Latest Chandra X-ray Observatory Stories
WASHINGTON, Dec. 16 /PRNewswire-USNewswire/ -- For the first time, astronomers have clearly seen the effects of "dark energy" on the most massive collapsed objects in the universe using NASA's Chandra X-ray Observatory.
For the first time, astronomers have clearly seen the effects of "dark energy" on the most massive collapsed objects in the universe using NASA's Chandra X-ray Observatory.
This composite image shows M84, a massive elliptical galaxy in the Virgo Cluster, about 55 million light years from Earth.
The powerful black holes at the center of massive galaxies and galaxy clusters act as hearts to the systems, pumping energy out at regular intervals to regulate the growth of the black holes themselves, as well as star formation, according to new data from NASAâ€™s Chandra X-Ray Observatory.
A team of scientists, including astronomers from the Naval Research Laboratory (NRL), have detected long wavelength radio emission from a colliding, massive galaxy cluster which, surprisingly, is not detected at the shorter wavelengths typically seen in these objects.
RCW 108 is a region where stars are actively forming within the Milky Way galaxy about 4,000 light years from Earth. This is a complicated region that contains young star clusters, including one that is deeply embedded in a cloud of molecular hydrogen.
Over a decade after it exploded, one of the nearest supernovae in the last 25 years has been identified. This result was made possible by combining data from the vast online archives from many of the world's premier telescopes.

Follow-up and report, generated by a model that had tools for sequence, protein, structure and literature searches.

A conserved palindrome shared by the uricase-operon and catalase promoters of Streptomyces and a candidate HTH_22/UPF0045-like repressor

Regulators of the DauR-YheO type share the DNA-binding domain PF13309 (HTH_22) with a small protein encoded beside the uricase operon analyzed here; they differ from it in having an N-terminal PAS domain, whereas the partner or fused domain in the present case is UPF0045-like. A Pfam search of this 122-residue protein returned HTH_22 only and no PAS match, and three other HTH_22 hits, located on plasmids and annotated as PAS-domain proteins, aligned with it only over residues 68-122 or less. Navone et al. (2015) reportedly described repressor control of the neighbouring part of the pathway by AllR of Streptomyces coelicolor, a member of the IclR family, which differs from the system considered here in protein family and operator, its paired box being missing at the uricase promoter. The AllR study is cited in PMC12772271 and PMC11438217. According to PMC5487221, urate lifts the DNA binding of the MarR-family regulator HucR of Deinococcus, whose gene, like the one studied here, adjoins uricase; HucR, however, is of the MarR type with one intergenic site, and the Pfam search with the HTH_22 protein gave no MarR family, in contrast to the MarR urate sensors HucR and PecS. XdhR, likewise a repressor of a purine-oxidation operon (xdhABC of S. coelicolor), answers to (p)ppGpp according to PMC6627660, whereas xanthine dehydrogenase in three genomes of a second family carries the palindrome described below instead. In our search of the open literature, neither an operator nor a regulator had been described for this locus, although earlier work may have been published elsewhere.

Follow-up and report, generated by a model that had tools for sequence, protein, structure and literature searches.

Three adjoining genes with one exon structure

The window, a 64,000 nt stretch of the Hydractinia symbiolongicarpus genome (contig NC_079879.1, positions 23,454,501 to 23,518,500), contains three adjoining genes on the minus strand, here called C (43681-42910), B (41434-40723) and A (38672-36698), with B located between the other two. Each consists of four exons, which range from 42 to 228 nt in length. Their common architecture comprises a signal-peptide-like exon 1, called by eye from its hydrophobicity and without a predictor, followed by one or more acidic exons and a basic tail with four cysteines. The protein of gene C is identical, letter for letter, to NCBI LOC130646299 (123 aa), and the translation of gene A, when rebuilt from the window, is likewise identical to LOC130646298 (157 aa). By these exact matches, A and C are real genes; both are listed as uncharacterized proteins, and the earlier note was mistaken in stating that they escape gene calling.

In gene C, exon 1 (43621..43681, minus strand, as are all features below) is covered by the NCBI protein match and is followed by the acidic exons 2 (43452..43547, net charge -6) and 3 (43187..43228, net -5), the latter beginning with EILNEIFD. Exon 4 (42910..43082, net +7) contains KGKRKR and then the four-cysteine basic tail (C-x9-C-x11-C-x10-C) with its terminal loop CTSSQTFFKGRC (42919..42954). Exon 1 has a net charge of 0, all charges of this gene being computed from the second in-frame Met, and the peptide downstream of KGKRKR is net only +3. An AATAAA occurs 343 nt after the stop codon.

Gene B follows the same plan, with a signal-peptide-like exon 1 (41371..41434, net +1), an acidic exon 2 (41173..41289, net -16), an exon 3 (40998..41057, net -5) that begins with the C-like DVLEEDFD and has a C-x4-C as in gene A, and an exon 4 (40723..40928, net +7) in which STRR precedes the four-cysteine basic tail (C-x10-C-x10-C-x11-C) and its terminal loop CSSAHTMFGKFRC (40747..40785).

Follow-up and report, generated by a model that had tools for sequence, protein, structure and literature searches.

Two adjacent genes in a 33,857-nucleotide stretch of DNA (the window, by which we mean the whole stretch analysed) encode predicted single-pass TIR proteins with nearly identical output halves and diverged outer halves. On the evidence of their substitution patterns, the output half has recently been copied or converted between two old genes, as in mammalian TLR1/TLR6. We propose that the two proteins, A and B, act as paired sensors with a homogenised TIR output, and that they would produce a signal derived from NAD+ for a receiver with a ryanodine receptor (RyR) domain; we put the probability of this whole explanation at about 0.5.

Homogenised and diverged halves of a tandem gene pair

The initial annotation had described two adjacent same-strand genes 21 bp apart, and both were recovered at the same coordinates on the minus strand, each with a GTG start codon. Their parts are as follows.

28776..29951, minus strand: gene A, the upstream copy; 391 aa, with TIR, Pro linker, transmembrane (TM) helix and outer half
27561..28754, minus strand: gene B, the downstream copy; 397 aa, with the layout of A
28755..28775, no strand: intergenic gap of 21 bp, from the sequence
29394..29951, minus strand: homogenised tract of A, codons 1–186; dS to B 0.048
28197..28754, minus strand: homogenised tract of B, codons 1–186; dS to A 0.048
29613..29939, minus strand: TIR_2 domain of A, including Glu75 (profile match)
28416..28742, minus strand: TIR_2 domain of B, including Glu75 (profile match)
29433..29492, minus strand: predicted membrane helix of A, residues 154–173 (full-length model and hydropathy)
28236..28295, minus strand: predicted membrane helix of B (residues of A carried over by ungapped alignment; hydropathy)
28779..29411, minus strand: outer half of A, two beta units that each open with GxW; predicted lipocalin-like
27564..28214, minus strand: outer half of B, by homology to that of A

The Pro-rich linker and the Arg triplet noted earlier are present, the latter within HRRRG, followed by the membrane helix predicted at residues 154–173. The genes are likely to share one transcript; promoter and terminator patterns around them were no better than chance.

Abell 1689, shown in this composite image, is a massive cluster of galaxies located about 2.3 billion light years away that shows signs of merging activity.
Researchers say a strong particle accelerator has been located in the Crab Nebula, a magnetic field surrounding the stellar corpse at the nebulaâ€™s center.
A powerful collision of galaxy clusters has been captured by NASA's Hubble Space Telescope and Chandra X-ray Observatory.
X-Ray Astronomy -- Although the more energetic X-rays (E > 30 keV) can penetrate the air at least for distances of a few meters (they would never have been detected and medical X-ray machines would not work if this was not the case) the Earth's atmosphere is thick enough that virtually none are able to penetrate from outer space all the way to the Earth's surface. X-rays in the 0.5 - 5 keV range, where most celestial sources give off the bulk of their energy, can be stopped by a few...
Chandra X-ray Observatory -- NASA's Chandra X-ray Observatory, which was launched and deployed by Space Shuttle Columbia on July 23, 1999, is the most sophisticated X-ray observatory built to date. Chandra is designed to observe X-rays from high-energy regions of the universe, such as the remnants of exploded stars. The Observatory has three major parts: (1) the X-ray telescope, whose mirrors focus X-rays from celestial objects; (2) the science instruments which record the X-rays so...
- Growing in low tufty patches.